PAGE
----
By Oyewale Oyelola
The education sector has being one of the sectors getting the largest vote of Kano annual budget in the last five years owing to commitment of Governor Abdullahi Ganduje to development critical sector with view of improving literacy, reduce number of out-of-school children and building good future for the state.
The Education sector amount to N18billion representing 8.5% of the state total budget of N210, 761, 327, 885 in the 2015 fiscal year, in 2016 Education got second highest share of N275billion with N23.6billion (8.6%), for 2017 Education allocation stands at N17.5billion out of N209billion budget representing 8.3% while the sector received N21billion out N246billion total budget for 2018 and N18billion representing 9.1% approved budget for 2019 fiscal year.
However, the huge budget allocation for the ministry in the five years did not commensurate with the level of capital projects executed within the periods according to the Sector Performance Report and Financial Statements Reports from the Office of the State Accountant General.
According to the summary of the findings made available to our correspondent “the data of the actual expenditure when compared with the budget of the sector was 62.49% indicating a variance 37.51% in 2015, 53.31% indicating a variance of 46.69% in 2016, 77.81% indicating a variance of 22.19% in 2017 and 77.81% indicating a variance of 22.19% in 2018. In the period under review, the actual expenditure as shown by the variances, funds provided for the execution of the projects and programmes of the sector fell short of the budgetary allocations.”
According to the report, in 2015, the performance of the capital expenditure when compared with the budget was 39.37% in 2015, it drastically dropped to 17.78% in 2016, it rose to 25.36% in 2017, significantly improved to 47.88% in 2018 and details of 2019 budget performance is not available. The recurrent expenditures however maintained an average of over 90% within the years.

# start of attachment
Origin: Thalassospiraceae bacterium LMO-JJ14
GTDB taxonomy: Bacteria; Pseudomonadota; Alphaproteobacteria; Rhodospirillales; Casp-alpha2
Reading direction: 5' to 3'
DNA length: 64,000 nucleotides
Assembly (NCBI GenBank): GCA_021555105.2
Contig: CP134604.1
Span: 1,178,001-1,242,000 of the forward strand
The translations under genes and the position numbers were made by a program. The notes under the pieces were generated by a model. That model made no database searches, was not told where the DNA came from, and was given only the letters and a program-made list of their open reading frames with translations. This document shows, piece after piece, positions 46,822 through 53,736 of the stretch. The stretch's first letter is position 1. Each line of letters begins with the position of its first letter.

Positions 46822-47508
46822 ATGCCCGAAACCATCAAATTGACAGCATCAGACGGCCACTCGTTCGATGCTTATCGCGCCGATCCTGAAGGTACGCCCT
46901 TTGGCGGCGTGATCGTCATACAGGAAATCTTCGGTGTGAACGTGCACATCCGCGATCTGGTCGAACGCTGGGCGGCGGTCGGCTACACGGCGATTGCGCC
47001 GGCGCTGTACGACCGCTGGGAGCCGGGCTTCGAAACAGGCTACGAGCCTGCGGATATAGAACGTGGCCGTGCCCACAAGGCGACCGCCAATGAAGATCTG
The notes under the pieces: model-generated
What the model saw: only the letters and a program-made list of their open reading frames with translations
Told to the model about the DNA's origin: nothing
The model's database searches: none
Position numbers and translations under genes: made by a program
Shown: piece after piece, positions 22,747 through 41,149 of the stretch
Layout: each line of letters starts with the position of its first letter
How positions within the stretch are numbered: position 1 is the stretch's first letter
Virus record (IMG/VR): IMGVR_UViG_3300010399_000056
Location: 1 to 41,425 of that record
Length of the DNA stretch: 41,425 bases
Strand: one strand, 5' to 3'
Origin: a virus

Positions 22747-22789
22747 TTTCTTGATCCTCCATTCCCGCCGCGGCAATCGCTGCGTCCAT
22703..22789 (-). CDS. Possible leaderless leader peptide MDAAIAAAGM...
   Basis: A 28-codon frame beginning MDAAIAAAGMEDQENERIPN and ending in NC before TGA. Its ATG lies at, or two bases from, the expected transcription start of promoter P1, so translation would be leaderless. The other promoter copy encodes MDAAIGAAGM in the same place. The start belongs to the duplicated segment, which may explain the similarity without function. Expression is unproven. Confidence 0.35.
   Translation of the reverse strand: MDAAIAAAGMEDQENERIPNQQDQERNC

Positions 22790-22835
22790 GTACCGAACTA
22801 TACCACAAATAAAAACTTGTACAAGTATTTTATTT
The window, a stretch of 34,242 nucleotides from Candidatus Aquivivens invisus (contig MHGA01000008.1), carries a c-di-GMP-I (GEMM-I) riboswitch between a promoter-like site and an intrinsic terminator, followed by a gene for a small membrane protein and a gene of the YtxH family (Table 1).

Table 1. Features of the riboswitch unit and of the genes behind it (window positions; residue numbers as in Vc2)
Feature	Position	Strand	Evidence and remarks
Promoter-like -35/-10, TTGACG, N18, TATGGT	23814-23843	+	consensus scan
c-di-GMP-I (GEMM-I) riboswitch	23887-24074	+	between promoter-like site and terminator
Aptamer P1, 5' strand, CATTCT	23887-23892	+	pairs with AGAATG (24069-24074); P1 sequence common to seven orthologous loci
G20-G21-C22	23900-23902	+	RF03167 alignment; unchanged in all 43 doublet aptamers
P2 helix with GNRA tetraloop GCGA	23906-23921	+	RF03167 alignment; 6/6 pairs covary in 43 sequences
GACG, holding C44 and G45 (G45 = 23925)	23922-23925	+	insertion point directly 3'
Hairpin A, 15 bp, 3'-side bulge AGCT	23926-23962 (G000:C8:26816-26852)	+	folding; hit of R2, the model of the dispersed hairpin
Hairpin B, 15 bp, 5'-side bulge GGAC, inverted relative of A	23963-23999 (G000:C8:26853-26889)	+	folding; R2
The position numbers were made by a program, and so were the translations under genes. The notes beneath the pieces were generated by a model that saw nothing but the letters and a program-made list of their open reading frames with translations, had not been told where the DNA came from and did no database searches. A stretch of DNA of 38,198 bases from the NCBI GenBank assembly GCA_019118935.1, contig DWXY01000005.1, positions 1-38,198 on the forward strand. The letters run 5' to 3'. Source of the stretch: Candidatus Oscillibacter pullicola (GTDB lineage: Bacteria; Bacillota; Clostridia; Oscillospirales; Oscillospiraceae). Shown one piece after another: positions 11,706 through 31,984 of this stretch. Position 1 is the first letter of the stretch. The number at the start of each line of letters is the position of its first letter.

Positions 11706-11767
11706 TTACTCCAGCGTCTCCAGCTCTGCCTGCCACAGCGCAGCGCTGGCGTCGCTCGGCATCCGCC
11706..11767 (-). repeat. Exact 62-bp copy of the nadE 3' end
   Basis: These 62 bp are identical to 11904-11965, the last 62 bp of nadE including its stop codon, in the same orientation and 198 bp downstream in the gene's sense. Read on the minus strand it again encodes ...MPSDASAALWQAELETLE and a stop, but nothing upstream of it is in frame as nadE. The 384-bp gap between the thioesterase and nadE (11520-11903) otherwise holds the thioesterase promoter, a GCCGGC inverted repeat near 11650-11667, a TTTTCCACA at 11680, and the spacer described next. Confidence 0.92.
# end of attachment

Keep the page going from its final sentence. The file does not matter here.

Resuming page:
Also, the budget allocation to the State Basic Universal Education SUBEB in Kano, according to the Performance Report, shows that out of N2,523,909,945 allocated for the SUBEB’s capital projects in 2015, only N170,015,090.02 representing 6.7% was released. In the following year (2016), appropriation for SUBEB’s capital projects gulped N3,986,514,215,00, but only N755,876,636,55 representing 19% was released.
However, 2017 was a peak year for the SUBEB capital project as N3,951,514,215.00 was appropriated and N2,008,119,074 representing 50.8% was eventually released, while the capital expenditure dropped to 35.4% in 2018 with N2,909,509,000 budgeted and only N1,028,982,000 released.
Several attempts to speak with the Chairman of SUBEB in Kano, Dr Danlami Hayyo over the development were not successful due to official schedules.
Infrastructural Decadence In Kano School
Recent investigations by our correspondent revealed that the infrastructural decadence makes pupils to learn inside dilapidated classrooms and under trees show the huge difference between budget allocation and actual release.
Apart from the infrastructural deficit in the State Public Schools amounting to over 30, 000 classrooms according to a recent survey by the State Government, the existing structures mostly in rural area are in a comatose condition.
Yaura Zango Primary School in Albasu Local Government Area of Kano State shares from this ugly trend. After two years that the School built in 1976 had its roofs blown off by windstorms, the teachers resulted to converting four of the planted Neem trees at the School to classrooms by classifying them accordingly from Primary One to Four.
However, the remaining Primary Five and Six were merged inside vestige of the obviously dilapidated classroom which also suffered the windstorms in 2017.
The Headmaster of the School, Yusuf Abdullahi told our correspondent that he had written several letters to the Local Education Authority LEA and the Albasu Local Government Secretariat for onward action but to no avail.
“As you can see, this tree that we write primary one on it is accommodating Pupils of Nursery and Primary One Class, see the trees for Primary Two, Three and Four being used as Classrooms for our respective pupils in that regard, this is how we have been managing it since 2017 after the windstorms blew off the two buildings here, we have written several letters to LEA and LGA, yet no action. Whenever the weather is cloudy, we used to send the pupils home and if the weather eventually cleared without rain, we have missed that particular day already” He explained.